Khris Khristie’s Kangaroo Kourt


I didn’t watch a whole lot of last night’s RNC festivities, because… Well, I can only take so much of any party’s convention these days, with all the morally and intellectually offensive blackguarding of the opposition, which tends to lower my opinion of the human race.

And I got a headache.

The last straw, for me, was Chris Christie saying, essentially, Hey, wouldn’t it be fun if we play lynch mob, and I whip y’all up to condemn Hillary Clinton?

His excuse was that he’s a former federal prosecutor, so this ostensibly would be an appropriate format for a speech from him. But the fact that he has been an officer of the court is what makes what he did so shameful. As though this were a proper way of finding someone guilty of something. On national television.

The call-and-response in which the mob had the role of roaring “GUILTY!” on cue was… wearying… to watch.

Alexandra Petri tried to have fun with it, and bless her for attempting to lighten things up:

Then Chris Christie took the stage. Christie had honed his speaking style in Salem, 1692, and he opened by announcing that he had seen Goody Clinton with the Devil. (Well, to be fair, he did not literally say that Clinton was in league with Satan, but this restraint on his part was unnecessary, as a few minutes later Ben Carson did.) “Let’s do something fun tonight,” Christie suggested: specifically, hold a mock trial of Clinton. The crowd loved this idea and began chanting “Guilty!” when prompted. Given that much of the convention so far has been dedicated to blaming her for the deaths of Americans (“I blame Hillary Clinton personally for the death of my son,” said Pat Smith) and intentionally sabotaging our prestige in the world, this felt like the logical, fun next step. “How do you live with your own conscience when you reward a domestic terrorist with continued safety and betray the family of [a] fallen police officer waiting for decades for justice for his murder?” Christie asked, to give you a sample. “Hillary Clinton, as coddler of the brutal Castro brothers and betrayer of the family of fallen Trooper Werner Foerster: guilty or not guilty?” “GUILTY!” the crowd shouted.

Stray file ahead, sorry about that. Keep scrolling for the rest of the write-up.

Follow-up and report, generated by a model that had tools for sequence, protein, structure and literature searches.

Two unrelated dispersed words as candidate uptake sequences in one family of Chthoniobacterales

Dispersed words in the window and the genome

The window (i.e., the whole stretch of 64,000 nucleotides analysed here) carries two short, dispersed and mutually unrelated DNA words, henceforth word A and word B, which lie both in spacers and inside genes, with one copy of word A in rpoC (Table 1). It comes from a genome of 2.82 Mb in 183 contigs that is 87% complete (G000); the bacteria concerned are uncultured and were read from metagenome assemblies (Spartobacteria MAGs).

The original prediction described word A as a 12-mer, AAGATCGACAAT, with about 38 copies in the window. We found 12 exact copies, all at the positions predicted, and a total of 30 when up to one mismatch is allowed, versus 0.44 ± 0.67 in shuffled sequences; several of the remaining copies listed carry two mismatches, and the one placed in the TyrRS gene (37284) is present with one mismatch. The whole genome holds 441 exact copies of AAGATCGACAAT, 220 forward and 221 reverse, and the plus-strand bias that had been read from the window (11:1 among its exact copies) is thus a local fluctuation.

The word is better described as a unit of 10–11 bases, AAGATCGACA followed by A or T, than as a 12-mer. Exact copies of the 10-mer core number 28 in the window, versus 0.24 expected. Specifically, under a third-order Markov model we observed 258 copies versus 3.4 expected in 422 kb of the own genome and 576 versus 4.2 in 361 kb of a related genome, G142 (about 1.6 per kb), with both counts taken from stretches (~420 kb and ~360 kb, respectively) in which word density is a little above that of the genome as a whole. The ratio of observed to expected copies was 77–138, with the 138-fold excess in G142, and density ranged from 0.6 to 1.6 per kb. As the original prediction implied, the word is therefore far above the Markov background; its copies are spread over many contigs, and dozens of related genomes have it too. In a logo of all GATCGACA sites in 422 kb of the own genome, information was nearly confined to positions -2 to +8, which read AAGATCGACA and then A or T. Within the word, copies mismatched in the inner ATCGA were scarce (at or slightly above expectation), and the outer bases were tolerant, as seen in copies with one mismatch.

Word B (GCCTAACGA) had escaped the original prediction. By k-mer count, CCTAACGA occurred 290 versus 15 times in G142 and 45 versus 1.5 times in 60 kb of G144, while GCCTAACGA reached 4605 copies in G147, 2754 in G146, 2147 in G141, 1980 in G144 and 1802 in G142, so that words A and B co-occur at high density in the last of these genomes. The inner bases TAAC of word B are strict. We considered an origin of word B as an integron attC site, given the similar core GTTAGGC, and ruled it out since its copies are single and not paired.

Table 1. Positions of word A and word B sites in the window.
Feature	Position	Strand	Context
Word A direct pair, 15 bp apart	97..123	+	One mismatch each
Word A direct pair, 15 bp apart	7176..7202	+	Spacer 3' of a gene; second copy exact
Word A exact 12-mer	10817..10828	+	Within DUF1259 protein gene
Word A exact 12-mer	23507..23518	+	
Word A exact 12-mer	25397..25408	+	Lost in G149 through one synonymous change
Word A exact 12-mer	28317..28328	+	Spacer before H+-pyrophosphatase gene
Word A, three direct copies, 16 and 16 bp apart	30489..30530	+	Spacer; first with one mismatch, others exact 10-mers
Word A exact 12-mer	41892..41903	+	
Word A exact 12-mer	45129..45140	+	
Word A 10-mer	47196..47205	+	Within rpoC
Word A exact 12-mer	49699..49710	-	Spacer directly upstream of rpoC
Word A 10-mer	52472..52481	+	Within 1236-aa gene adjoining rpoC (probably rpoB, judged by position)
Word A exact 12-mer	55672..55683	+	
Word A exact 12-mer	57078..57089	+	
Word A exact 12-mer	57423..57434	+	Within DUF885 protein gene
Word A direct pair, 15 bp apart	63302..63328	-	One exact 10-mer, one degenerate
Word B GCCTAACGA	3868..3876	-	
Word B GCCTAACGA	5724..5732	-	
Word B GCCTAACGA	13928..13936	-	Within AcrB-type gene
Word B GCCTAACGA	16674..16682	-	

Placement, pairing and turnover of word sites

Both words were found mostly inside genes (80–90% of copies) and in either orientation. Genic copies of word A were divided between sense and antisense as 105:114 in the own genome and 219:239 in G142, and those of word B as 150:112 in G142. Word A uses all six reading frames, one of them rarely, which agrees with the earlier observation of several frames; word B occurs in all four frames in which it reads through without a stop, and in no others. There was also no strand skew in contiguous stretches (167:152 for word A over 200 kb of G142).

If the speech had gone on any longer, Christie would have brought out an effigy of Clinton to see if it weighed the same as a duck, then handed out torches on which you could still see the “TRUMP­CHRISTIE” logo that had been hastily scratched out and replaced with “TRUMP­PENCE.”

Yes, this is the party of hope and fresh ideas, the one shouting, “GUILTY!” and “LOCK HER UP!” as it holds a mock trial of its opponent in absentia….

Yep, all that was missing was Christie saying, “She turned me into a Newt!